With the recent disclosure that he had taken significant stakes in both PepsiCo, Inc. (NYSE:PEP) and Mondelez International Inc (NASDAQ:MDLZ), it is fair to speculate on the motives of maverick investor Nelson Peltz. Based on his previous experiences with well-known companies, it seems possible that he intends to leave his mark on both firms’ boards. Indeed, more dramatic moves might not be out of the question.
Both of these companies find themselves at crucial inflection points. PepsiCo, Inc. (NYSE:PEP) is in the early stages of exploring spin-off options for its North American bottling operation, and Mondelez International Inc (NASDAQ:MDLZ) has under-performed market-watchers’ expectations since separating from Kraft (K) in 2012.
According to the most recent filing, Peltz’s Trian Fund Management now has a $270 million stake in PepsiCo, Inc. (NYSE:PEP) and a $494 million stake in Mondelez International Inc (NASDAQ:MDLZ). For Mondelez International Inc (NASDAQ:MDLZ), this equates to less than 1 percent of its market capitalization. For PepsiCo, Inc. (NYSE:PEP), Peltz’s stake represents little more than a rounding error however the fact that Peltz and PepsiCo, Inc. (NYSE:PEP) are already engaging in “strategic, long-term” discussions suggests that the investor has big plans for these firms.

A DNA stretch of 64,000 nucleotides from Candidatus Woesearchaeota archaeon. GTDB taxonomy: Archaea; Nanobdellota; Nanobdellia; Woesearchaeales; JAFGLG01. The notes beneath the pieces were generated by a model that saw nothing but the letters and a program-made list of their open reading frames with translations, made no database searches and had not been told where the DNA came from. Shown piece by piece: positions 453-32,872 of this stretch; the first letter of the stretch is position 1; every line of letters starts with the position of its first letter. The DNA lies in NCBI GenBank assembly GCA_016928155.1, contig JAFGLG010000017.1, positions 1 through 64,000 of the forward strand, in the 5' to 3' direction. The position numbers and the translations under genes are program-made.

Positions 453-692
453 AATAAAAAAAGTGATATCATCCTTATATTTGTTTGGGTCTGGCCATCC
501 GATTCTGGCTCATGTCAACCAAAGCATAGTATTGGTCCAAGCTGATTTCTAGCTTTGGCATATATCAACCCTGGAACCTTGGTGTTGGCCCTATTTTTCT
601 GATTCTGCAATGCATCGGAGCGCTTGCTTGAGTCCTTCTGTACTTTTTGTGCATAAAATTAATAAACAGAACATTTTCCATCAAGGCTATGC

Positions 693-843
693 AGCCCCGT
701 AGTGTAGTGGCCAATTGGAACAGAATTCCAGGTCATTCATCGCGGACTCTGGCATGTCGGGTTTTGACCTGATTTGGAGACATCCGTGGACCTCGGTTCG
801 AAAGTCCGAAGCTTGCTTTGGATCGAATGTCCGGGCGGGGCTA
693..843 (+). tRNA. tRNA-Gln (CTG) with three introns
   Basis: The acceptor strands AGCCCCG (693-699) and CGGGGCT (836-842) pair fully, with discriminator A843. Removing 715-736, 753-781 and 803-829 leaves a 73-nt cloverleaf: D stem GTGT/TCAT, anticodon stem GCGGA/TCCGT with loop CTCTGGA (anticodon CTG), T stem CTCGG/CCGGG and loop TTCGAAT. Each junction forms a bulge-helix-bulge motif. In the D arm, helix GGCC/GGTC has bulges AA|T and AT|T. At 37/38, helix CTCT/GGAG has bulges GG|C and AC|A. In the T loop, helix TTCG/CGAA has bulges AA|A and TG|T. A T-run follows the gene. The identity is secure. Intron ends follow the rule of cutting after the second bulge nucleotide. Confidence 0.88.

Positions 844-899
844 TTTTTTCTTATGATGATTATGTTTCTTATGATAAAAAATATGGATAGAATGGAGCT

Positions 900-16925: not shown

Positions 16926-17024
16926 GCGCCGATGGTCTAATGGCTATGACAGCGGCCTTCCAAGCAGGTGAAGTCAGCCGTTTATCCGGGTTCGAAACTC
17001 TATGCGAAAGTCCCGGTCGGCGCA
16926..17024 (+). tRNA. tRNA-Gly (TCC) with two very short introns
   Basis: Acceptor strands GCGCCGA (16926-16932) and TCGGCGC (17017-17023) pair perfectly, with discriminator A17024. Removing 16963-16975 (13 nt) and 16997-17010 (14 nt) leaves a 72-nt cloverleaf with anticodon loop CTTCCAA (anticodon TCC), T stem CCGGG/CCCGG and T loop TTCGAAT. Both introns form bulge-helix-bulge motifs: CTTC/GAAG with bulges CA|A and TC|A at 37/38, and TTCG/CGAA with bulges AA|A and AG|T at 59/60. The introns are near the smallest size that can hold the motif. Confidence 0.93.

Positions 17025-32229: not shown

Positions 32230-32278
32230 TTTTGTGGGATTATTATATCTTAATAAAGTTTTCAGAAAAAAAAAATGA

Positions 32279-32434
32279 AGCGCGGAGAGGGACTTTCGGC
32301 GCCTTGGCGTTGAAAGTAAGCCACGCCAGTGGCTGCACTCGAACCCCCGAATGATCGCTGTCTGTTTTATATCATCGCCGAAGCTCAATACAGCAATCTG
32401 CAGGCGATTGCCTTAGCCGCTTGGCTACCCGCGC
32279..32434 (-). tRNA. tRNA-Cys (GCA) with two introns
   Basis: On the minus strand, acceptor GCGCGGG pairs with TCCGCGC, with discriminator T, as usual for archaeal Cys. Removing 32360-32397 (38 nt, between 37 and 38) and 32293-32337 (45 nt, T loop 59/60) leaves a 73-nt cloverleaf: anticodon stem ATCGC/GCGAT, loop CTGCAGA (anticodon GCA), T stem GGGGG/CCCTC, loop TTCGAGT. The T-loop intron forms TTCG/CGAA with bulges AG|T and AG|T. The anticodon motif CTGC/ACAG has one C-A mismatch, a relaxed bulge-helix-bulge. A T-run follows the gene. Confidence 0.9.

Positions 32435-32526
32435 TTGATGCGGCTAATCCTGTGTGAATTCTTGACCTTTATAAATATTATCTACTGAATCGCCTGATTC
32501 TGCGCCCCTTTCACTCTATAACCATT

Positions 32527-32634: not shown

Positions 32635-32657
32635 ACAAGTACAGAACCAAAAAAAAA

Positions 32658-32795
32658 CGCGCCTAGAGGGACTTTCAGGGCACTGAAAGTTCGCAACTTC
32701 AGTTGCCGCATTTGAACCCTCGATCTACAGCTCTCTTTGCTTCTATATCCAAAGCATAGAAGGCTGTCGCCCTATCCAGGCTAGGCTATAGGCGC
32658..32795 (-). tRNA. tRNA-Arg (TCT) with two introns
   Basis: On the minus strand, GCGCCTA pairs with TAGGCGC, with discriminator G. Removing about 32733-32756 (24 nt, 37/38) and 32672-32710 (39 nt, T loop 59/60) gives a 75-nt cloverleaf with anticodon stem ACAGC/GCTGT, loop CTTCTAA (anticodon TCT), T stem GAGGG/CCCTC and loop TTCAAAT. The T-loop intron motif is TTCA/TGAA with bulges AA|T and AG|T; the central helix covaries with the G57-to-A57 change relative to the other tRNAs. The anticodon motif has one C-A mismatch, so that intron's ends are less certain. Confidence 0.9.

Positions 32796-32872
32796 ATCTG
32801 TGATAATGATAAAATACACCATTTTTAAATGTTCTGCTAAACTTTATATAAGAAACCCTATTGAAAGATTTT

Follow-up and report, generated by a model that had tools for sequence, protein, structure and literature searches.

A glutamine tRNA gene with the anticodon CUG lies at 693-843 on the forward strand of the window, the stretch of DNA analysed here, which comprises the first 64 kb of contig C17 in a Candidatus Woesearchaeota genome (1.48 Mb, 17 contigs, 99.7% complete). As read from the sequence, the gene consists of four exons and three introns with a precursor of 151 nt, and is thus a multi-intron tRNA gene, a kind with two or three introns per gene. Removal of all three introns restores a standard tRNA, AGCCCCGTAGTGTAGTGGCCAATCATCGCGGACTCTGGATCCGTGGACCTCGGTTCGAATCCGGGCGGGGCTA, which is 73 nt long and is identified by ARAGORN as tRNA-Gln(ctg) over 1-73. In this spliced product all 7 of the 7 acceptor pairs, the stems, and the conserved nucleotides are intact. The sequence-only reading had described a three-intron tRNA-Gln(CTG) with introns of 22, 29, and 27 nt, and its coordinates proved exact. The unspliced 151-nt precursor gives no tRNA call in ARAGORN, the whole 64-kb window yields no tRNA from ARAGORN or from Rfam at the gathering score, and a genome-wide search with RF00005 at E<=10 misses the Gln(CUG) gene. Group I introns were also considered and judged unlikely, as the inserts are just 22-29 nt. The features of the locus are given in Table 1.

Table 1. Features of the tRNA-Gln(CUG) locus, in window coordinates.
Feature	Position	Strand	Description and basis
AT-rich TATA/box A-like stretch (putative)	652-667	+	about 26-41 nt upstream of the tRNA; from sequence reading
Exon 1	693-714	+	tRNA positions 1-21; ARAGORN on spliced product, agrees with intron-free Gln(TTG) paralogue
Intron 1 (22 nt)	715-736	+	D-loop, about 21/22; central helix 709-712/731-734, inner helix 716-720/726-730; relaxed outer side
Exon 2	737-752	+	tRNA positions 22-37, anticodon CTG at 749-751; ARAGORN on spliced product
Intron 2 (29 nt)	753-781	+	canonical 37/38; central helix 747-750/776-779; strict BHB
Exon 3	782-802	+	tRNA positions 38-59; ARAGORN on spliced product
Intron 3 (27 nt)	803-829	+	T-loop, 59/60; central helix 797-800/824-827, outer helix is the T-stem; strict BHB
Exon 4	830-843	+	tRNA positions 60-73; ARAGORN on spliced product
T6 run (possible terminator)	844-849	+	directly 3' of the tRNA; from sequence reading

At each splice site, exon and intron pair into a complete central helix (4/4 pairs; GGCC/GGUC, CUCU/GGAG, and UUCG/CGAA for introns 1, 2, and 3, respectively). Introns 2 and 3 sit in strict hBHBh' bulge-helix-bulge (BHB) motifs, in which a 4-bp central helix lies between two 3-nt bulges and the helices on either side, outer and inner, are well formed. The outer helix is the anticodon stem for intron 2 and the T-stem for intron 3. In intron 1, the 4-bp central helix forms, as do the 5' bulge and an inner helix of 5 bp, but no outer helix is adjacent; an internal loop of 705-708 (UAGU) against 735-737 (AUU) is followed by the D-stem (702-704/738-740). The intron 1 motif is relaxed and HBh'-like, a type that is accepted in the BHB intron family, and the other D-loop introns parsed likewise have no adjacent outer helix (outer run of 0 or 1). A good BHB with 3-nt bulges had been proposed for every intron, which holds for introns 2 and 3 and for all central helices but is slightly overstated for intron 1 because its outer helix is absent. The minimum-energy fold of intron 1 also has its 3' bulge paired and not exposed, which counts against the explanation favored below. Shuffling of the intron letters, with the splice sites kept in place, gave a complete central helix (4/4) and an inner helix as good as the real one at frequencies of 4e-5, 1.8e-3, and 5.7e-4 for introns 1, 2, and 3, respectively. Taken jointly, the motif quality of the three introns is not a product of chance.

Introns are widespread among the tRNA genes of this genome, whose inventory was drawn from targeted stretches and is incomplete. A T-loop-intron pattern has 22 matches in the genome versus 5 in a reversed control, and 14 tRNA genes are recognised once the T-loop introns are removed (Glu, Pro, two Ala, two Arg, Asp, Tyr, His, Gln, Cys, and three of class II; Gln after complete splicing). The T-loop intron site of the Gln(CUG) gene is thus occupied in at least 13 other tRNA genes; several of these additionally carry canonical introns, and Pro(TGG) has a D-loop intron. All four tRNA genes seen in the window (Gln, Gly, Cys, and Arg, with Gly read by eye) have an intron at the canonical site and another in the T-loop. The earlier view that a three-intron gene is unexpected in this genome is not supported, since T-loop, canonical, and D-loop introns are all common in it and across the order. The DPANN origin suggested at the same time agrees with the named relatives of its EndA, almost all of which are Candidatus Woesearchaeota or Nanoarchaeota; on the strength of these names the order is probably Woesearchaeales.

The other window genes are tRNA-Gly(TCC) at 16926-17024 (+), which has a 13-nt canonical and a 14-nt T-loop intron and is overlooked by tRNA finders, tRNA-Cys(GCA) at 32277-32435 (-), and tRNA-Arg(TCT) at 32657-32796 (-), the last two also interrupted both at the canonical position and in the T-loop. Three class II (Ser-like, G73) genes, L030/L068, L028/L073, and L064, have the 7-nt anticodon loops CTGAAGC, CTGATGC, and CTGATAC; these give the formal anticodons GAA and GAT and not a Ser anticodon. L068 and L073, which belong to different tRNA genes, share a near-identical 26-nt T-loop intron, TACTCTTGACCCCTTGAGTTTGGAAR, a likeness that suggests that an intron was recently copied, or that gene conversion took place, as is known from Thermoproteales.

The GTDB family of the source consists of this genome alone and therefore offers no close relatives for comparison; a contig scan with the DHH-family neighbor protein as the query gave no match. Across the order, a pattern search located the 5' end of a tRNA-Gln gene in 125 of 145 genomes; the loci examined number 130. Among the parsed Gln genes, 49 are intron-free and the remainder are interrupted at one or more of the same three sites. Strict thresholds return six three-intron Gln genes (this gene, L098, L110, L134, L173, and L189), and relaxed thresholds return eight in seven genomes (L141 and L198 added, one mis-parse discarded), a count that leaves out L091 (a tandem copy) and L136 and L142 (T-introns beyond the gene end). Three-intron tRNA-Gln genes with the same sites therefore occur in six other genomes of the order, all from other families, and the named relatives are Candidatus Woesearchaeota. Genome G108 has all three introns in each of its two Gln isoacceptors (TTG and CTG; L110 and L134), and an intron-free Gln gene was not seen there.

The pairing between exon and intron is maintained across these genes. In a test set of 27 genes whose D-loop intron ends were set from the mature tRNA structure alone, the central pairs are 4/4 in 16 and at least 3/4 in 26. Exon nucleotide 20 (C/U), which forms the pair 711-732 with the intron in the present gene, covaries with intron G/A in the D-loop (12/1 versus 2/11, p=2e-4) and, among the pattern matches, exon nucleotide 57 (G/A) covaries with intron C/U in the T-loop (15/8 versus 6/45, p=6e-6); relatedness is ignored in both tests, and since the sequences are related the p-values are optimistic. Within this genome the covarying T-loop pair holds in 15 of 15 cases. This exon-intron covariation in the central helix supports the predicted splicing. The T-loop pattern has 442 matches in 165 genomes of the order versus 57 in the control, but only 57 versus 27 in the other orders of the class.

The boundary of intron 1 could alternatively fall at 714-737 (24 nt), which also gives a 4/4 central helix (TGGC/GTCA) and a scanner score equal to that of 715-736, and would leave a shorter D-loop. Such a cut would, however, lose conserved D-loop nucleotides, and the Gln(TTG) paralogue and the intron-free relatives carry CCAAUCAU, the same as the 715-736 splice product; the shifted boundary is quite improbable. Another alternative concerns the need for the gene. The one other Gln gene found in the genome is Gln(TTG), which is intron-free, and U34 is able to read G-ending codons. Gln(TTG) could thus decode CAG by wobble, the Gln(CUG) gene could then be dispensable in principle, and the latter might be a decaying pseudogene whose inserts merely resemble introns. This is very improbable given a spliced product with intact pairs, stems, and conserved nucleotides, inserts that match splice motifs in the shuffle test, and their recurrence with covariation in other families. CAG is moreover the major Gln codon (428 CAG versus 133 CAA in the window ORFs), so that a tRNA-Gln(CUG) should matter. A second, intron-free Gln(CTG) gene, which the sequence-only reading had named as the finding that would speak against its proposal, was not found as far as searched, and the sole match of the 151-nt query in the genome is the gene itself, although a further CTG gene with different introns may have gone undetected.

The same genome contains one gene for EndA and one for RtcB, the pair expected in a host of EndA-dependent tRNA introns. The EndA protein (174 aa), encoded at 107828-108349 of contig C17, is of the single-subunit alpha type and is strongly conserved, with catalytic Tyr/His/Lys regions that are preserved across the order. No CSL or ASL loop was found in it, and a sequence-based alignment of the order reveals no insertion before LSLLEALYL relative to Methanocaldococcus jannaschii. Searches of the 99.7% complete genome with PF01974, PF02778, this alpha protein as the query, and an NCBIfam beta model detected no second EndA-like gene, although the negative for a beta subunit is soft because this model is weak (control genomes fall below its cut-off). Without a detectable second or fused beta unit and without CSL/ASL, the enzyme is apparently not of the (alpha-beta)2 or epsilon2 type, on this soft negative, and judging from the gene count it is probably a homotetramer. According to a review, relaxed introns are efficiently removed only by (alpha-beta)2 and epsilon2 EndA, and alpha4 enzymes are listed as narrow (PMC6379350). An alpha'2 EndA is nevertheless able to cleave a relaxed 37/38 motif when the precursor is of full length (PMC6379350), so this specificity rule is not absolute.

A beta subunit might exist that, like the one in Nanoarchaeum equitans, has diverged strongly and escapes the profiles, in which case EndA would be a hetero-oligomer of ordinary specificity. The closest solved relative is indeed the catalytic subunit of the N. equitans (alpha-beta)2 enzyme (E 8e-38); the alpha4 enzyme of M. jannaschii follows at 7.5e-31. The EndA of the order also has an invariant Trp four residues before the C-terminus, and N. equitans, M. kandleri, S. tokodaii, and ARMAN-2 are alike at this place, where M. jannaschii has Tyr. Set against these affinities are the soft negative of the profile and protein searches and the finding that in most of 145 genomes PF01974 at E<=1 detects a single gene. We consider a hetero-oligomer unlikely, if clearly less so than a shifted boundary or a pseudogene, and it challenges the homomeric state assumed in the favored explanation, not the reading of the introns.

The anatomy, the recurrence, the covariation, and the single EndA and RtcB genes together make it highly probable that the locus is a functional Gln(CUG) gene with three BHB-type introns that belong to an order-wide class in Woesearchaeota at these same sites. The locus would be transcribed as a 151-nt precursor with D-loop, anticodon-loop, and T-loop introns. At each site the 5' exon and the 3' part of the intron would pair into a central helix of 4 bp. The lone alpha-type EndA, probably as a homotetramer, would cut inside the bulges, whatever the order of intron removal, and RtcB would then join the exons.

PepsiCo and Mondelez at a Glance
PepsiCo, Inc. (NYSE:PEP) is a massive food and drink distributor that markets many recognizable brands. In addition to signature drinks like Pepsi and Gatorade, the company also sells a variety of breakfast cereals, snacks, coffees, teas and juices. Meanwhile, Chicago-based Mondelez International Inc (NASDAQ:MDLZ) primarily offers coffee and cracker products through brands like Nabisco, Cadbury and Oreo. It also markets Trident gum and Tang juice mixes.
The synergies between PepsiCo and Mondelez International Inc (NASDAQ:MDLZ) are obvious. The companies have plenty of redundant divisions that would mesh well together, and the prospect of a Pepsi drinks spin-off raises the possibility that the “dry foods” components of the two companies could combine in a merger. At this point, such a scenario is highly speculative. Nevertheless, investors cannot discount the obvious utility in combining similar pieces of these two companies.
It might be useful to compare PepsiCo and Mondelez to determine whether the two are suitable merger partners. For starters, both companies are solidly profitable. In 2012, PepsiCo earned about $6.1 billion on $65.2 billion gross revenue and walked away with a profit margin of 9.3 percent. At over 27 percent, its return on equity figure was significantly better. Meanwhile, Mondelez earned $1.5 billion on $35 billion gross revenue for a final margin of 8.6 percent. Its return on equity figure of less than 5 percent left something to be desired.